Iain Aitken is passionate about his Luing (pronounced ‘Ling’) cattle and their outstanding traits that make cattle-raising easy. He and his wife Rowena have 200 head of this Scottish breed on their farm near Belmont in southwestern Manitoba.
“I came to Canada from Scotland in 2000,” says Aitken. “I grew up with Galloways, then my family switched to Luing cattle. The Luings had many characteristics of the Galloway — hair coat, hardiness and thrift in winter conditions — but the Luing had more growth potential.
“Here in Manitoba the winters are cold, and hair coat makes a big difference. These cattle can be grazing at -35 C or -40 C with windchill and still gain weight. By contrast, a regular cow with a regular winter coat will be seeking shelter and she won’t be out grazing.”
Aitkens says the “real selling point” of the breed, for him is that breed development has always concentrated on maternal traits. It’s a cow breed.
“Many breeds today try to be all things to all people,” he says. “They try to have good females and also the fastest-growing animals in the feedlot. I don’t think you can have both. The thing that sets Luing apart is that neither in Scotland nor in Canada have they ever been selected for feedlot performance. They are a purely maternal breed.”
Newer crossbred breed
This is a new breed, started in the late 1940s by the Cadzow family by crossing beef Shorthorn with Scottish Highland genetics, on the island of Luing off the west coast of Scotland. The Cadzows wanted a herd that would thrive in their harsh environment and produce quality beef calves economically.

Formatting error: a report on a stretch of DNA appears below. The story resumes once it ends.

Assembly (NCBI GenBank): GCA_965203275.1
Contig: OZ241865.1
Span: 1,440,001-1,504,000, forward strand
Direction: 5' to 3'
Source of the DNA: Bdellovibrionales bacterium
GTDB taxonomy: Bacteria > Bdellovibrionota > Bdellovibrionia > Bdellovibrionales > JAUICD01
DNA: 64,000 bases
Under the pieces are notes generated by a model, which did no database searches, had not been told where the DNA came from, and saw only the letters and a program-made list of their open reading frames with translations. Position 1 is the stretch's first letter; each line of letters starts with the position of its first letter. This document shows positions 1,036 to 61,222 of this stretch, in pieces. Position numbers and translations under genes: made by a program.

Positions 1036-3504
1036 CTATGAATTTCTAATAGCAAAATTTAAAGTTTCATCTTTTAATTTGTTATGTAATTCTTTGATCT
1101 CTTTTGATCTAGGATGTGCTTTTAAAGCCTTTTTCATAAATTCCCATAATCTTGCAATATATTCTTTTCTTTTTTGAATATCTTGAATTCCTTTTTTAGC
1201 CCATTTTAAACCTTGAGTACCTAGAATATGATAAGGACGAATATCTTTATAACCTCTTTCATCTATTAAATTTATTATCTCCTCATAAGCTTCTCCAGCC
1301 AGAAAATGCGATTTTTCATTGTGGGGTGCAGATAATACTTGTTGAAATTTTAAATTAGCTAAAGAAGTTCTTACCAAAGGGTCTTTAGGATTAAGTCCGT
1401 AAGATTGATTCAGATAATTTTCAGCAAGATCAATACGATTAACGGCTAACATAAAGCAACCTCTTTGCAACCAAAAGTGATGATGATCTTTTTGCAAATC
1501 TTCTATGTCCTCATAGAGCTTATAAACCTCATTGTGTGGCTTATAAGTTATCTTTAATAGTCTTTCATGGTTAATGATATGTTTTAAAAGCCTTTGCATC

Due to conditions on the island, the breed evolved into an outstanding roughage converter with the ability to utilize low-quality feed. These traits make the Luing an ideal choice in many areas of the world where beef cattle are maintained on low-quality forages.
“After many generations, the breed type became established and the British government officially recognized the Luing breed in 1966,” says Aitken.
Canadian Luing cattle do well in cold weather due to their heavy winter coat, which sheds easily for summer comfort. “They were bred to fatten on grass, and marble very well on grass,” says Aitken. “Like the Galloway, the Luing does very well on lower-quality feeds, like cereal straw in a winter ration. They are exceptional foragers and graze plants that a lot of cattle won’t eat. The foraging ability of the Luing is what attracted us to the breed, along with the maternal characteristics.”
Luing cows are very fertile, with exceptional longevity like their distant Highland ancestors. Aitken has had four cows on the farm that produced beyond 20 years, with the oldest turning in her last calf at age 23. Calving ease is another feature that is built into the breed. “We sell bulls to customers looking for bomb-proof heifer calving sires,” he says. “You get a 70-pound calf out of whatever kind of heifer you breed them to.”
Breed comes to Canada
Luings were first imported to Canada in 1973 by the late A.R. “Sandy” Cross of Rothney Farm near Calgary, who already had world-renowned herds of Shorthorn and Galloways but was interested in promoting the Luings.
The Canadian Luing Cattle Association was incorporated in 1975 to encourage, develop and regulate the breeding of Luing cattle in Canada. “The breed has never been big, numerically, in Canada but we’re building numbers steadily, and building a market among ranchers who need hardy, maternal cattle,” says Aitken.